An illumination so brilliant

In Symons’ Met. Mag., 29-8,¬†appears the account of brilliant light accompanying an earthquake and the sound of an explosion. It happened on Jan. 25, 1894 at 9:30 p.m., 20 miles west of Hereford at Llanthomas and Clifford. Half an hour later, near Hereford and Worcester, an earthquake was felt (Nature, 49-325). Symons’ Met. Mag. also records that at Stokesay Vicarage in Shropshire, occurred “an illumination so brilliant that for half a minute everything was almost as visible as by daylight.”

–Charles Fort, New Lands, p. 476 (The Complete Books of Charles Fort, Dover, c1974).

The London triangle

An earthquake apparently occurred on Dec. 17, 1896, centered around Worcester and Hereford, called by Fort the London Triangle. This area had experienced quakes as far back as 1661, accompanied by lights in the sky. The English Mechanic, 74-155, reports a ‘strange meteoric light’ that was seen in the sky at Worcester during the 1896 quake. It was considered the severest earthquake felt in the British Isles in the 19th century, with the exception of one in April 22, 1884. A book on the subject, The Hereford Earthquake of 1896, reports a luminous object in the sky that ‘traversed a large part of the disturbed area,’ a meteor that “lighted up the ground so that one could have picked up a pin.”

–Charles Fort, New Lands, p475-477 (The Complete Books of Charles Fort, Dover, c1974).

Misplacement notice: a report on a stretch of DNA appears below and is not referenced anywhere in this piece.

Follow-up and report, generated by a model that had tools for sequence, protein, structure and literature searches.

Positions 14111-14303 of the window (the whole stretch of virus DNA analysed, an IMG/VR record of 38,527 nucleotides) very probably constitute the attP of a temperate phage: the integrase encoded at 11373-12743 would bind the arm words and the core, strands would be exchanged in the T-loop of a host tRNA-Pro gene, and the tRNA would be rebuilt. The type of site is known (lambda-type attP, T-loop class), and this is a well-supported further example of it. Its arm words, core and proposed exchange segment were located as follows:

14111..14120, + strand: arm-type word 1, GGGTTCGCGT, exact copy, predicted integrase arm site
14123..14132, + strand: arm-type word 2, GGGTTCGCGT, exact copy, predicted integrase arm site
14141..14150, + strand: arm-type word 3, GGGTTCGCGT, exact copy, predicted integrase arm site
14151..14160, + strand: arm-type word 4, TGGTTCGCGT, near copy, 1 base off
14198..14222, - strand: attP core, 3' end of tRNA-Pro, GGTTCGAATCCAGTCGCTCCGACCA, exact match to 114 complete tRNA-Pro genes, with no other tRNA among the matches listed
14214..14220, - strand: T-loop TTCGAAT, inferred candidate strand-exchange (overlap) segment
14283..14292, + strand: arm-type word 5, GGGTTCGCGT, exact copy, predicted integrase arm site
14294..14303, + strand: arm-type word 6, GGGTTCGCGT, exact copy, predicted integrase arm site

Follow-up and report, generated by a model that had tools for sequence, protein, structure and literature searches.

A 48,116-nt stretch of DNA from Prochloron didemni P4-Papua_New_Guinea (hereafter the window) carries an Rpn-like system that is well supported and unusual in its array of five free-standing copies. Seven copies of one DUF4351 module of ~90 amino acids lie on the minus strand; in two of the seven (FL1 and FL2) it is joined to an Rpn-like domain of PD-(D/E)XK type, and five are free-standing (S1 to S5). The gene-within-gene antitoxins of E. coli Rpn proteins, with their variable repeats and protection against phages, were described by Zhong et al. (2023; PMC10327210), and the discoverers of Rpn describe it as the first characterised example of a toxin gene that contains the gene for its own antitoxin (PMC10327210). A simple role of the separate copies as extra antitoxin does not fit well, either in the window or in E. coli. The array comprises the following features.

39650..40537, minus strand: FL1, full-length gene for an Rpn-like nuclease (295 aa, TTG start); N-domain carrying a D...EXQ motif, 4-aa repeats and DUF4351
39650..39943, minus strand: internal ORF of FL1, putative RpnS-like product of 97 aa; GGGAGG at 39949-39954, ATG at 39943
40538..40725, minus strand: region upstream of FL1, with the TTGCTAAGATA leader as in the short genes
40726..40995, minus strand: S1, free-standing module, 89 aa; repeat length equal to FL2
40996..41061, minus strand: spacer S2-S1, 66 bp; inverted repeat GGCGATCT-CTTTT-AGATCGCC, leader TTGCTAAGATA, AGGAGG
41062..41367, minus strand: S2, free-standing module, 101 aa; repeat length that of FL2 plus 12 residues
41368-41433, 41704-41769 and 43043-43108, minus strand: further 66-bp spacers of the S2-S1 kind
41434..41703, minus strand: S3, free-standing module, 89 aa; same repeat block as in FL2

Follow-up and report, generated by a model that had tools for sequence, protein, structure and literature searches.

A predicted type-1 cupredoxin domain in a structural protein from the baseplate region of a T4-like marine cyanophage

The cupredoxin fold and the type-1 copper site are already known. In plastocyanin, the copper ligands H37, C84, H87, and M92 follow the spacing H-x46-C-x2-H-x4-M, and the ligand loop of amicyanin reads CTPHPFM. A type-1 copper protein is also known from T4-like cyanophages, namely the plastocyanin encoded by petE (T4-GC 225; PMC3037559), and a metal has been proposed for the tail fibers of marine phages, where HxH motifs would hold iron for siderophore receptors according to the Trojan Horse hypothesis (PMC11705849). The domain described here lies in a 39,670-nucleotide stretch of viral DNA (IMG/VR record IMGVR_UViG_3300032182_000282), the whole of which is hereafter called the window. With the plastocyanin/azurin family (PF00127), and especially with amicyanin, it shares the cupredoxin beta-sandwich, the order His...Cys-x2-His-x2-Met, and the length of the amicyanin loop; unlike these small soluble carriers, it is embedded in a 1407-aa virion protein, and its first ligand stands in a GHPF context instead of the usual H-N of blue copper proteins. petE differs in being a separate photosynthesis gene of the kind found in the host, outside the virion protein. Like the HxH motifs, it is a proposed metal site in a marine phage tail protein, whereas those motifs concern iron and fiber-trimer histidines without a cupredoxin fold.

Sound and shock were violent

In Michigan, Nov. 27, 1919, a violent shock was felt, similar to one on Sept. 27 of the same year in Reading, England. People rushed from their homes, the New York Times reported the next day, thinking there had been an earthquake. At the same time, in Indiana, Illinois and Michigan, a “‘blinding glare’ was seen in the sky.”

–Charles Fort, New Lands, p523 (The Complete Books of Charles Fort, Dover, c1974).

Only by coincidence

Ponton’s Earthquakes, p. 118, describes an earthquake in Illinois preceded by “‘a luminous appearance, described by some as a meteor and by others as vivid flashes of lightning’” on October 8, 1857. Although felt in Illinois, the center of the event was in St. Louis, Missouri. Something “exploded terrifically in the sky,…and shook the ground ‘severely’ or ‘violently,’ at 4:20 a.m., Oct. 8, 1857.” Timbs’ Year Book of Facts, 1858-271, says that “’a blinding meteoric ball from the heavens’” was seen. The St. Louis Intelligencer of that date also describes the “large and brilliant” meteor. The New York Times reported that it sounded “’like thunder or the roar of artillery.’”

–Charles Fort, New Lands, p406 (The Complete Books of Charles Fort, Dover, c1974).